These patients also appeared to add nearly 8.75 months to the time before their disease relapsed and progressed, compared with people who only received chemotherapy. The researchers did note that the study was not designed to test the statistical significance of that finding."

I think that the article posted by Haidut missed the last, but most important, paragraph above.
 

haidut

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Wilfrid said:
And finally, to have an objective view on such study:

" WEDNESDAY, Feb. 5, 2014 (HealthDay News) -- Large doses of intravenous vitamin C have the potential to boost chemotherapy's ability to kill cancer cells, according to new laboratory research involving human cells and mice.

Vitamin C delivered directly to human and mouse ovarian cancer cells helped kill off those cells while leaving normal cells unharmed, University of Kansas researchers report.

"In cell tissue and animal models of cancer, we saw when you add IV vitamin C it seems to augment the killing effect of chemotherapy drugs on cancer cells," said study co-author Dr. Jeanne Drisko, director of integrative medicine at the University of Kansas Medical Center.

In follow-up human trials, a handful of cervical cancer patients given intravenous vitamin C along with their chemotherapy reported fewer toxic side effects from their cancer treatment, according to the study published in the Feb. 5 issue of Science Translational Medicine.


"In those patients, we didn't see any ill effects and we noticed they had fewer effects from the chemotherapy," Drisko said. "It seemed to be protecting the healthy cells while killing the cancer cells."

Intravenous vitamin C has been considered an integrative medical therapy for cancer since the 1970s, Drisko noted.

But vitamin C's cancer-killing potential hasn't been taken seriously by mainstream medicine ever since clinical trials performed by the Mayo Clinic with oral vitamin C in the late 1970s and early 1980s found no anti-cancer effects, she explained.

Researchers have since argued that those trials were flawed because vitamin C taken orally is absorbed by the gut and excreted by the kidneys before its levels can build up in the bloodstream.

But it's been hard to attract funding for further research. There's no reason for pharmaceutical companies to fund vitamin C research, and federal officials have been uninterested in plowing research dollars into the effort since the Mayo research was published, Drisko said.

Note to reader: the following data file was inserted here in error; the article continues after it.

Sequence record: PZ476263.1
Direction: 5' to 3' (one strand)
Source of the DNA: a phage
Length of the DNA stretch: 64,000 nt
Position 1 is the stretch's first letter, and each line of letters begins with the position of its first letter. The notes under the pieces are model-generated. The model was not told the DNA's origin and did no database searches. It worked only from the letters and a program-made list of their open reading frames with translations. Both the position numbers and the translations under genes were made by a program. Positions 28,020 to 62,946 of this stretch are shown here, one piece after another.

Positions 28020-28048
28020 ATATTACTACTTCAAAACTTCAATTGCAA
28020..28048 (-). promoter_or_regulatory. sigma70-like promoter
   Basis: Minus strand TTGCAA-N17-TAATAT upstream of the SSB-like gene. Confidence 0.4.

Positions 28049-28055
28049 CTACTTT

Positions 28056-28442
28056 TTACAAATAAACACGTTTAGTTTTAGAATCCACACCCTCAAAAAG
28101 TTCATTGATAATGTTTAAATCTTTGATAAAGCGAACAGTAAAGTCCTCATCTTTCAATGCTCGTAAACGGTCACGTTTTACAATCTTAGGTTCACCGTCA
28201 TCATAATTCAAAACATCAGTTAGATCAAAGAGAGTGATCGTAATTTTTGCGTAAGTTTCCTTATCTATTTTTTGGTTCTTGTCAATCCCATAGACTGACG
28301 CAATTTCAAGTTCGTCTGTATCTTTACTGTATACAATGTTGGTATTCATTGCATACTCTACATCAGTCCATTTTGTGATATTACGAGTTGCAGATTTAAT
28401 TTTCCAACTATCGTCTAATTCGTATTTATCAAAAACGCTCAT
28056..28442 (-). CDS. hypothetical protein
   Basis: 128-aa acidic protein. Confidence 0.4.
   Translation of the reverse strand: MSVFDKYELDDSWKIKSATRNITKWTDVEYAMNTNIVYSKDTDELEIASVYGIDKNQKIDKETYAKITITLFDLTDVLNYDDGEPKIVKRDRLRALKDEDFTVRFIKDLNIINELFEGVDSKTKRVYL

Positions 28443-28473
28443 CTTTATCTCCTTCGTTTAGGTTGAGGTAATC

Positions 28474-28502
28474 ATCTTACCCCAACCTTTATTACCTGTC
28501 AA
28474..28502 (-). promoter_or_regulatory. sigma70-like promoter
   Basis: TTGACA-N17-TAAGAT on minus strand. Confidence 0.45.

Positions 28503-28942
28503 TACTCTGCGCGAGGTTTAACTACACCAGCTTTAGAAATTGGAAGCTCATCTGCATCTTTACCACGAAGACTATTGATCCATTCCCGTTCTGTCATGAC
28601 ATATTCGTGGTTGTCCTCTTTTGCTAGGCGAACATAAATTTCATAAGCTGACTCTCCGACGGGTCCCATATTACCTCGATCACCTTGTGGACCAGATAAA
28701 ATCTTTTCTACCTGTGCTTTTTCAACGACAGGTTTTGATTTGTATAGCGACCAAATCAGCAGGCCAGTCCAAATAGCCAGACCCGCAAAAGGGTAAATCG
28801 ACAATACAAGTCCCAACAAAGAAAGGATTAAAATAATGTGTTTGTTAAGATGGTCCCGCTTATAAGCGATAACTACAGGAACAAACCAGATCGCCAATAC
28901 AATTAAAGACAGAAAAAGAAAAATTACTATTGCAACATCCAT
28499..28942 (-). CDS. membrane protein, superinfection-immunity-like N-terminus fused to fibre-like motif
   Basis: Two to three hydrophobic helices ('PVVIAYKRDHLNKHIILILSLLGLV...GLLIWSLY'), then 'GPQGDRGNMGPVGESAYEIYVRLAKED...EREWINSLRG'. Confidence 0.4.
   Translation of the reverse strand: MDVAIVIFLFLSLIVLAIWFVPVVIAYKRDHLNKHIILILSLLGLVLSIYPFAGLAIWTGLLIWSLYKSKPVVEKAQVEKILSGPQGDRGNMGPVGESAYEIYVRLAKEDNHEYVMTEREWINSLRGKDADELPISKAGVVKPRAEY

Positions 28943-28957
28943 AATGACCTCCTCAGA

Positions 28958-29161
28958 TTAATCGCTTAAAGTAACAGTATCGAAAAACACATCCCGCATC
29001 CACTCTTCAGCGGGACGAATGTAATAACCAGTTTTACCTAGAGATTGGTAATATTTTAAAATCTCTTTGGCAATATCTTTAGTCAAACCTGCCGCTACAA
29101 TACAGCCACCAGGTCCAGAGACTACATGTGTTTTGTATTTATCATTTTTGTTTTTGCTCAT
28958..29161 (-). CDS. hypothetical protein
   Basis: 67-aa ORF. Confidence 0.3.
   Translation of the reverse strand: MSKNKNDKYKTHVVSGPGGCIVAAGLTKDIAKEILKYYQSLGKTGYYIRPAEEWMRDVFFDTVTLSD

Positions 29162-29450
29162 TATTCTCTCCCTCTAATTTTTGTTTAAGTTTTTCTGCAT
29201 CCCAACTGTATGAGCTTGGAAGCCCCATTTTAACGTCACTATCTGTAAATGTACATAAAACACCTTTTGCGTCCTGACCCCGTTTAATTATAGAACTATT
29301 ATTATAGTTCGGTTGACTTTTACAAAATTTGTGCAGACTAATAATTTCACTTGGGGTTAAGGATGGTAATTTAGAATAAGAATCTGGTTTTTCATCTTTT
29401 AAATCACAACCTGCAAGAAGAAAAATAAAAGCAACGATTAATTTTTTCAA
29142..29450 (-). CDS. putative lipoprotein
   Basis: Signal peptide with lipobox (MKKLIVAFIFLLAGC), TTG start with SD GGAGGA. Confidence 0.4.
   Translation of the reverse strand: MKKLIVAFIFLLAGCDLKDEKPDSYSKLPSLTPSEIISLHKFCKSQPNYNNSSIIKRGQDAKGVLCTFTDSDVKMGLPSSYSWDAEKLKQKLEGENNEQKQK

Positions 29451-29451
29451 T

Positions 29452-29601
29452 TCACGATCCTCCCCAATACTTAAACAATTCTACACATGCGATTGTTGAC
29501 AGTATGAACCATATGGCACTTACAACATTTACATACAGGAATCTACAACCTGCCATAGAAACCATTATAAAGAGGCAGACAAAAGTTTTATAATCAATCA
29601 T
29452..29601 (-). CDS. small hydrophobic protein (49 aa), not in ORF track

This latest investigation began with researchers exposing human ovarian cancer cells to vitamin C in the lab. They found that the cells suffered DNA damage and died off, while normal cells were left unharmed.

The researchers then tested vitamin C on mice with induced ovarian cancer. The vitamin appeared to help chemotherapy drugs either inhibit the growth of tumors or help shrink them.

Finally, the team conducted a pilot phase clinical trial involving 27 WEDNESDAY, Feb. 5, 2014 (HealthDay News) -- Large doses of intravenous vitamin C have the potential to boost chemotherapy's ability to kill cancer cells, according to new laboratory research involving human cells and mice.

Vitamin C delivered directly to human and mouse ovarian cancer cells helped kill off those cells while leaving normal cells unharmed, University of Kansas researchers report.

"In cell tissue and animal models of cancer, we saw when you add IV vitamin C it seems to augment the killing effect of chemotherapy drugs on cancer cells," said study co-author Dr. Jeanne Drisko, director of integrative medicine at the University of Kansas Medical Center.

In follow-up human trials, a handful of cervical cancer patients given intravenous vitamin C along with their chemotherapy reported fewer toxic side effects from their cancer treatment, according to the study published in the Feb. 5 issue of Science Translational Medicine.


"In those patients, we didn't see any ill effects and we noticed they had fewer effects from the chemotherapy," Drisko said. "It seemed to be protecting the healthy cells while killing the cancer cells."